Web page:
For years, Apple has been filing for patents on a MacBook-like device with a second screen in place of a keyboard. It also has ideas for haptics, and at least a simulation of a keyboard with discrete keys.
And, Apple's patent drawing looks a lot like the Surface Neo, even down to hinge placement.
What Apple hasn't patented is the concept of "bridging" as Microsoft called it during Wednesday's presentation. Instead of a true folding device, with an edge-to-edge screen encompassing the hinge, Microsoft is using the gap to its advantage, and using it as a user interaction element to split the screen, with one app on one screen, and the other to the right or left depending on orientation.
Microsoft has gone with a fold-over keyboard of some sort. We're not sure if its detachable yet, but it probably is. We were really concerned about the displays when one presenter folded the keyboard between the screens and squeezed the device a little too tight.
What Apple can take from Microsoft
ARM in the Mac is coming, that much is pretty clear. What is less clear is the timetable.
Microsoft isn't just tiptoeing into Windows on ARM anymore with the flagship Surface Pro X. Instead of an almost-Windows like the Windows RT versions of the Surface were at launch seven years ago, the Surface Pro X is a full Windows installation, running Windows on ARM — again with WCOS at the core.
We here at AppleInsider are fully aware of what our demographic is. We know who you are and what you do, based on what you've told us. ARM on Mac may not be good for you at launch, but it will be absolutely fantastic the day that the hardware rolls out for the average Apple user who is using iOS as a gateway to the Mac, rather than the other way around. There are far more of the iOS as a gateway to the Mac folks are there are Mac to iOS, and it has been that way for at least five years.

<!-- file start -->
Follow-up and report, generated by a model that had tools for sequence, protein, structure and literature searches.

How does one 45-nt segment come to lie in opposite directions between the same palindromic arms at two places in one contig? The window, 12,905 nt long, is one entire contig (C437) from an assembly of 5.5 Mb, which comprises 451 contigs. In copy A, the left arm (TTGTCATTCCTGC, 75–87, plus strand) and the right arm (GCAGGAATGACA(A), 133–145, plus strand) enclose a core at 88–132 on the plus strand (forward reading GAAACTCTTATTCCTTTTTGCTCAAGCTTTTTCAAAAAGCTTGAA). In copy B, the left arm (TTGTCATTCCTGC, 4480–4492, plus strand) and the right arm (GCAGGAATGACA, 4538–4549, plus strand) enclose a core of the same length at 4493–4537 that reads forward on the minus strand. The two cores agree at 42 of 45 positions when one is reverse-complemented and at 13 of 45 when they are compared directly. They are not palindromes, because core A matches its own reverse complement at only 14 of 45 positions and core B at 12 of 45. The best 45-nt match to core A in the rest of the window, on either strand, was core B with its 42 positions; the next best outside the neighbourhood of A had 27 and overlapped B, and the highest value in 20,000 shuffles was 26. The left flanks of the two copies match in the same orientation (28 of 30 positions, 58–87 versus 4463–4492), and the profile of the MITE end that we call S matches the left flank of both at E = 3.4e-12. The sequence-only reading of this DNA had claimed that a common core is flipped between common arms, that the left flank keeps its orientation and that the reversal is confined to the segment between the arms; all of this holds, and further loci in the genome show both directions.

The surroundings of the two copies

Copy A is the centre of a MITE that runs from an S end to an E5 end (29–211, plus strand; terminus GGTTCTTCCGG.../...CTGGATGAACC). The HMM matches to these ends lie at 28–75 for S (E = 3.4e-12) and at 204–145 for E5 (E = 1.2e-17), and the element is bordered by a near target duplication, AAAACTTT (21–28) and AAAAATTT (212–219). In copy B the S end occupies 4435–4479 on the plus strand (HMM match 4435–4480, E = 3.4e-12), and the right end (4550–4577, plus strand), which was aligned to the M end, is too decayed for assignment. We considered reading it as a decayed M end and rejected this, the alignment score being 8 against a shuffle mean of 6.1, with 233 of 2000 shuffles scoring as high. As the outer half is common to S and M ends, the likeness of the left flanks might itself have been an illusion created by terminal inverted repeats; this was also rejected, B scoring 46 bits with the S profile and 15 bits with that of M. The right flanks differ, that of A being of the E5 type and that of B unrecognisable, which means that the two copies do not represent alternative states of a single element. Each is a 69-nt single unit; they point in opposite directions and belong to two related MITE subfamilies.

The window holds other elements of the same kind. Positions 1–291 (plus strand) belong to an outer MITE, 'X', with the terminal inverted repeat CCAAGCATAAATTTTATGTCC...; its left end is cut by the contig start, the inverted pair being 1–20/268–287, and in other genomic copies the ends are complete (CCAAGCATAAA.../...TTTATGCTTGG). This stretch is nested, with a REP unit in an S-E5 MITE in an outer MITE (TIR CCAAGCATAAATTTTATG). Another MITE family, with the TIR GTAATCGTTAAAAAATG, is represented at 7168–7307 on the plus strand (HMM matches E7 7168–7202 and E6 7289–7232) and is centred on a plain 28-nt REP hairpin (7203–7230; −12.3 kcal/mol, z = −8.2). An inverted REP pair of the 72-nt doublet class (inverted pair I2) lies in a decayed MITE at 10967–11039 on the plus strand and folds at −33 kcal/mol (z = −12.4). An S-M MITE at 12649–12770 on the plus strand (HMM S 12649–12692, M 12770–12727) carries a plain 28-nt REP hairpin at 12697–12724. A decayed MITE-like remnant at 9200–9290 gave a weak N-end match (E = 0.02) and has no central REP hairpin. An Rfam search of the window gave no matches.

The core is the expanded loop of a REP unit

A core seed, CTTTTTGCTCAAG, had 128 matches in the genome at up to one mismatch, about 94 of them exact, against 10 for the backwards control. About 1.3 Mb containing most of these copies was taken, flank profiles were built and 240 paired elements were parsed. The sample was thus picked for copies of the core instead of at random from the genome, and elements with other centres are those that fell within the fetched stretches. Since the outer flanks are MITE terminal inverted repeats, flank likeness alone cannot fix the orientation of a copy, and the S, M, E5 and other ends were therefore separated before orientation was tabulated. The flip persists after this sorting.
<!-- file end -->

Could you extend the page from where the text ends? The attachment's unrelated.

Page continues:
And, as it evolves, it will be good for AppleInsider current demographic too. But, evolutions take time, and it's time for that to start.
Microsoft didn't learn everything it needed to, though. In the case of the Surface Neo announced a year before it ships, Microsoft seems to think that it doesn't need to remember its own history, or even look to the high-profile collapse of the AirPower. And, it is ignoring a big maxim of computer history.
In 2008, Microsoft started promoting the hinged Courier tablet. It was talking about it, it was teasing it, and it was talking to developers about how to make software for it. In 2010, Microsoft confirmed it had effectively given up on shipping the device in that form.